Saturday, April 22, 2006

Please help the Herald get this right!

Here's a letter I sent to the Herald this morning. Please write too and help them stop spreading this misinformation over and over again. You can send something to corrections@miamiherald.com or heralded@miamiherald.com:

This is really too infuriating. In today's piece "UM janitors end hunger strike but dispute lingers" you say "a secret election run by the National Labor Relations Board... requires all janitors to vote yes or no". This is the same mistake which you made in an earlier piece ("UM protests strike pressure tactice" April 13). I wrote a letter pointing out that error and you published a letter by someone else pointing out the same error. Now here you are making it again. An NLRB election does not require anyone to vote at all. It is won by a majority of voters. Non-voters simply do not count in any way. It is the card check method that comes closest to your description. If someone does not sign a card saying they want the union, they are effectively taken as a no vote. Hence the card check method requires a majority of all workers to say they want a union in order to succeed.

One reason why the labor dispute may be lingering so long is because the Herald seems incapable of publishing accurate information about it. If you took the trouble to explain accurately to your readers what was at issue there would be much less confusion of the kind you report. Please correct this error and do not continue to perpetuate this misinformation.

5 comments:

Anonymous said...

One reason why the labor dispute may be lingering so long is because the Herald seems incapable of publishing accurate information...

Now you're blaming the newspaper???

Simon Evnine said...

Dear Anonymous,

I'm saying it doesn't help when the newspapers get the facts wrong. You surely couldn't disagree with that, could you?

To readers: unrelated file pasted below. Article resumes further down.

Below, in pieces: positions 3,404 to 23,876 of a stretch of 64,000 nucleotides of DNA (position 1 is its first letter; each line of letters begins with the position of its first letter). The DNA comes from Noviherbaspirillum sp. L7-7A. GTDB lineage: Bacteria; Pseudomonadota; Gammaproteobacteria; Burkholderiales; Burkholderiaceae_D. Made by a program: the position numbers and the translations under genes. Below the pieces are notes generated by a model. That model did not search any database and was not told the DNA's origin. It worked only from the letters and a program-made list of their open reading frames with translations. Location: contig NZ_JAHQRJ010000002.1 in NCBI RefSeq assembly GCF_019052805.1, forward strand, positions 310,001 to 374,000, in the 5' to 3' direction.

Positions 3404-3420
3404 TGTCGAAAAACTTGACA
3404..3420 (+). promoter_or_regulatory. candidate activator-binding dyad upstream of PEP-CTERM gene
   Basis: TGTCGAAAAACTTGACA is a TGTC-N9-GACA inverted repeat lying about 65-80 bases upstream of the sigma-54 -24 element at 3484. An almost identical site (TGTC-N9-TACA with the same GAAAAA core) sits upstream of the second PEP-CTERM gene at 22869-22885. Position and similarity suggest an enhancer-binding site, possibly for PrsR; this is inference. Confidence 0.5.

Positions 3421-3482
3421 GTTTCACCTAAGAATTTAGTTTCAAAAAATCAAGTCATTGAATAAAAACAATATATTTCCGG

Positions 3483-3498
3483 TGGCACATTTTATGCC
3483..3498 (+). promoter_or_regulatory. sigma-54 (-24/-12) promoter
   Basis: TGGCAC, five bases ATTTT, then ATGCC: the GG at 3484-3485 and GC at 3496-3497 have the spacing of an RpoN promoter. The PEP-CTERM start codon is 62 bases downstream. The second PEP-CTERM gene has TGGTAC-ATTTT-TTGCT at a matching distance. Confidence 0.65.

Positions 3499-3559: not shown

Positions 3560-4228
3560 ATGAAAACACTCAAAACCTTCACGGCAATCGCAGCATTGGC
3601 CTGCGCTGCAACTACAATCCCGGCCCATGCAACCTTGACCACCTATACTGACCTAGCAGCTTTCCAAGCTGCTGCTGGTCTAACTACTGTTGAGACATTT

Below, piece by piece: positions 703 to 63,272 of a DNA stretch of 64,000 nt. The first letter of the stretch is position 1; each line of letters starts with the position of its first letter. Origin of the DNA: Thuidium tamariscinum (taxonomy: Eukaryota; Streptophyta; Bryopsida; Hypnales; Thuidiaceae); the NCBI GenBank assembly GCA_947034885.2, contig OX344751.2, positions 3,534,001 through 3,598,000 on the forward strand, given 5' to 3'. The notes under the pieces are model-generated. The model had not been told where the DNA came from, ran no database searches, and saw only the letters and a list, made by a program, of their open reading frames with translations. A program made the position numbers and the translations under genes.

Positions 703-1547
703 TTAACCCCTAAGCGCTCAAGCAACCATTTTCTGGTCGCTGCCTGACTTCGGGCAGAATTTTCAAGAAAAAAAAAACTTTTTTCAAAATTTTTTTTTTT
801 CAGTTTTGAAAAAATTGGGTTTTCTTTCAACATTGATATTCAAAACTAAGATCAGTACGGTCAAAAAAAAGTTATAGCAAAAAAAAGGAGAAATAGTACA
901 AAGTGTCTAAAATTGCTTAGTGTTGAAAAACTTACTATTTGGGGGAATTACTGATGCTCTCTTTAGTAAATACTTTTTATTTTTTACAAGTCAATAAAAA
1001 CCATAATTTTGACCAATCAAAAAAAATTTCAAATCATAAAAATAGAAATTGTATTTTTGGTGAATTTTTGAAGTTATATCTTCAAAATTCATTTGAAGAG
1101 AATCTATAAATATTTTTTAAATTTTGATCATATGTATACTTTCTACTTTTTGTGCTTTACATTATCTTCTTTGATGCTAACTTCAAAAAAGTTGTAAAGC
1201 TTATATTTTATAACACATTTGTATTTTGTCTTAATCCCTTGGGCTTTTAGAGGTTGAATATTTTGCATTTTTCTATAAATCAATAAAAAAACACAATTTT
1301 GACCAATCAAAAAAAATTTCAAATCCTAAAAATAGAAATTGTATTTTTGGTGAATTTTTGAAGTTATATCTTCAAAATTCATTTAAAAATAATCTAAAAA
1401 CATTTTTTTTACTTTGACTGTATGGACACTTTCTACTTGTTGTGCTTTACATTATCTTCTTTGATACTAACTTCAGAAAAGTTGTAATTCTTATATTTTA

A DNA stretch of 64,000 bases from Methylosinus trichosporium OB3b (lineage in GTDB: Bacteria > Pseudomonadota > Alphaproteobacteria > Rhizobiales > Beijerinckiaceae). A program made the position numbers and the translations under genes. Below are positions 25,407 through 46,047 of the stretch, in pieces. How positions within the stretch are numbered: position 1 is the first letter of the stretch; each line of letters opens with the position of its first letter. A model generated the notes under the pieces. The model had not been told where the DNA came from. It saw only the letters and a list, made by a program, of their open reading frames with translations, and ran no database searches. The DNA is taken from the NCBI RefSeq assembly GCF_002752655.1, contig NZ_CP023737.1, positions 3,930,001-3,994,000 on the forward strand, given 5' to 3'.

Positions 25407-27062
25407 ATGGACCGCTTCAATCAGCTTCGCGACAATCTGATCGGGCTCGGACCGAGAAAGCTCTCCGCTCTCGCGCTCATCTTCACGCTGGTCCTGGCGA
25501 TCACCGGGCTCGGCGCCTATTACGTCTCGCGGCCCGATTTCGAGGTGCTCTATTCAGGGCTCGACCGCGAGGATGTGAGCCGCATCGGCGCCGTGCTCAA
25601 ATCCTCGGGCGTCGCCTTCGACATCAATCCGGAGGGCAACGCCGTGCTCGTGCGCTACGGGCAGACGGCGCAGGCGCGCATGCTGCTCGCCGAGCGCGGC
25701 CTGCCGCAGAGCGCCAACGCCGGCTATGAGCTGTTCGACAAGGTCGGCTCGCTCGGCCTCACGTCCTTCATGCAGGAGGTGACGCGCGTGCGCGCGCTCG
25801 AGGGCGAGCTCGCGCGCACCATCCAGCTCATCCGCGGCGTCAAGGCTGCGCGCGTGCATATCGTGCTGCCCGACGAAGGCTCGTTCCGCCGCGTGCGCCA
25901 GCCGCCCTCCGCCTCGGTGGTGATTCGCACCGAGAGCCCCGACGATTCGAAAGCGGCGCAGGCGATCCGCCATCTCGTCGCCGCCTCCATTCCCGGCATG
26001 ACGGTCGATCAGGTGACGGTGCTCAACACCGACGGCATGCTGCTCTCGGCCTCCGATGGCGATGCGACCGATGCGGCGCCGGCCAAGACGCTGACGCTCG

Anonymous said...

I don't disagree with the need for accurate information, and I don't disagree that the Herald completely let these workers down - but I don't see that as a cause for the dispute lingering. I truly believe the only reason the dispute is lingering on is because one of the three major players in this game has choosen to muddy the waters with their own national agenda.

Anonymous said...

Both UNICCO and UM advocate a kind of "elections" where by the company is given a three week period of time to escalate demonstrated anti-union tactics of firing and threatening workers before a vote is held. If only three people show up becuase the rest beleive retribution will occur, they vote for everyone.

A fairer process, I would argue, is where an actual majority of all voters are needed. this process is the card check elections.

I could also argue a fairer process is not one where an "election" is held that allows only the company access to voters, only the company to have 100% access to media,and where only the company even knows how many voters there are. This is the NRLB elections.

If the "national agenda" to which you are refering is the Employee Free Choice act, which requries companies to respect the petitions signed by workers- and is backed by the democratic party and even moderate republicans- than it should be pushed further.

i would suggest reading some reports from Americanrightsatwork.org. The head of which used to be the Democratic whip and a former congressmen. He is considered an expert in democracy in the work place. Thanks,
-jake

Anonymous said...

Both UNICCO and UM advocate a kind of "elections" where by the company is given a three week period of time to escalate demonstrated anti-union tactics of firing and threatening workers before a vote is held. If only three people show up becuase the rest beleive retribution will occur, they vote for everyone.

A fairer process, I would argue, is where an actual majority of all voters are needed. this process is the card check elections.

I could also argue a fairer process is not one where an "election" is held that allows only the company access to voters, only the company to have 100% access to media,and where only the company even knows how many voters there are. This is the NRLB elections.

If the "national agenda" to which you are refering is the Employee Free Choice act, which requries companies to respect the petitions signed by workers- and is backed by the democratic party and even moderate republicans- than it should be pushed further.

i would suggest reading some reports from Americanrightsatwork.org. The head of which used to be the Democratic whip and a former congressmen. He is considered an expert in democracy in the work place. Thanks,
-jake